Dust Storms

Mars has a much thinner atmosphere than the earth has and it doesn’t have a global magnetic shield,  which makes the humans on the planet‘s surface to be at risk of exposure to solar and cosmic radiation.  Nilton Renno, a professor at the University of Michigan whose research interests include astrobiology said, the surface of the planet is largely dust, and massive storms can create dust clouds that block out the Sun. During such a storm, “it’s almost like midnight on the surface of Mars for two months. If you are there with solar panels for power, you very likely don’t survive. You don’t have enough energy to keep things warm enough.” said Renno. One solution for humans would be to use that dust to protect themselves, lining shelters with sandbags filled with Martian soil could block the radiation, said Joseph Michalski, an associate professor who explores the habitability of Mars at the University of Hong Kong.

Food, Water, and Oxygen

In the 2015 Hollywood blockbuster movie, “The Martian”- Matt Damon’s stranded astronaut grew potatoes by fertilizing the planet’s soil with his own feces. Elisabeth Hausrath has more modest farming ambitions, an associate professor at the University of Nevada, Las Vegas. NASA has been supporting her research for the past year and a half, on how to grow snow algae, a type that’s common in the Nevada desert and other high-altitude,  low-nutrient environments on Earth, in conditions mimicking those of Mars.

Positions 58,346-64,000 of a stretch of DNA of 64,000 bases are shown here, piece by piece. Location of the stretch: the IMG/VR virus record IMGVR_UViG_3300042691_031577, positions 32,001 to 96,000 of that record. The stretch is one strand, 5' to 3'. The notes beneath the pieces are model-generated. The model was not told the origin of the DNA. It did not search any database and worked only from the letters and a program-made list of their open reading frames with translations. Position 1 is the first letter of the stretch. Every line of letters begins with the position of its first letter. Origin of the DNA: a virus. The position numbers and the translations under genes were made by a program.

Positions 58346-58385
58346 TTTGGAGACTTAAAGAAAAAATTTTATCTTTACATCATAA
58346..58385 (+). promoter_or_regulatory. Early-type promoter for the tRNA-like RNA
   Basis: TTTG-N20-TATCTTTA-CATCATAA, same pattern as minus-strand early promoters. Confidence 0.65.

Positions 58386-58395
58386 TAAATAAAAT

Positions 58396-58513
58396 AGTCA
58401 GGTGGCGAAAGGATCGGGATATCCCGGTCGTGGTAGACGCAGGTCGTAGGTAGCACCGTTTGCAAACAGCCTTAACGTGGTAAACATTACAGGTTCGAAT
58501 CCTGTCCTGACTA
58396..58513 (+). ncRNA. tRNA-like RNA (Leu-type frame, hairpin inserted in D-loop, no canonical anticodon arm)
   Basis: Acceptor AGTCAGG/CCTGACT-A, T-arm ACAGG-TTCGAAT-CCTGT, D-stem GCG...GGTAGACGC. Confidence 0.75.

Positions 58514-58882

Elisabeth said that the plants have been growing great, the idea behind the research is that the algae could grow in greenhouses made of a flexible material similar to that of the space unit. Growing algae not only create a source of food but also produce oxygen in such conditions. Although the research is still in its early stage. Another problem scientists need to resolve is how humans could get enough water to survive on Mars. It has some sub-surface ice that could be one of the water sources. “Once you know where the ice is, those are locations where you might send humans,” said Victoria Hamilton, a planetary geologist at the Southwest Research Institute in Boulder, Colorado.

Getting Back Home

Humans traveling to Mars will need to take a rocket back to Earth unless everyone is ready to signs up for a one-way trip. Michalski said that figuring out how to get fuel to power that spacecraft back into space is the biggest technological hurdle. “It’s not the case that we would bring the rocket fuel with us. It’s just too heavy,” he added. He also gave one solution that might work, to use the resources available on the planet to make fuel by first electrically separating water from sub-surface ice and hydrated rocks and then combining the hydrogen and oxygen to make rocket fuel.

The optimists believe, sooner or later, the scientists will solve all these problems. Mars 2117 program manager for the UAE’s Mohammed Bin Rashid Space Center, Adnan AlRais said that today it is definitely a palace where we cannot live, but as we develop science and technologies, the answer might be different in 50 t 100 years from now.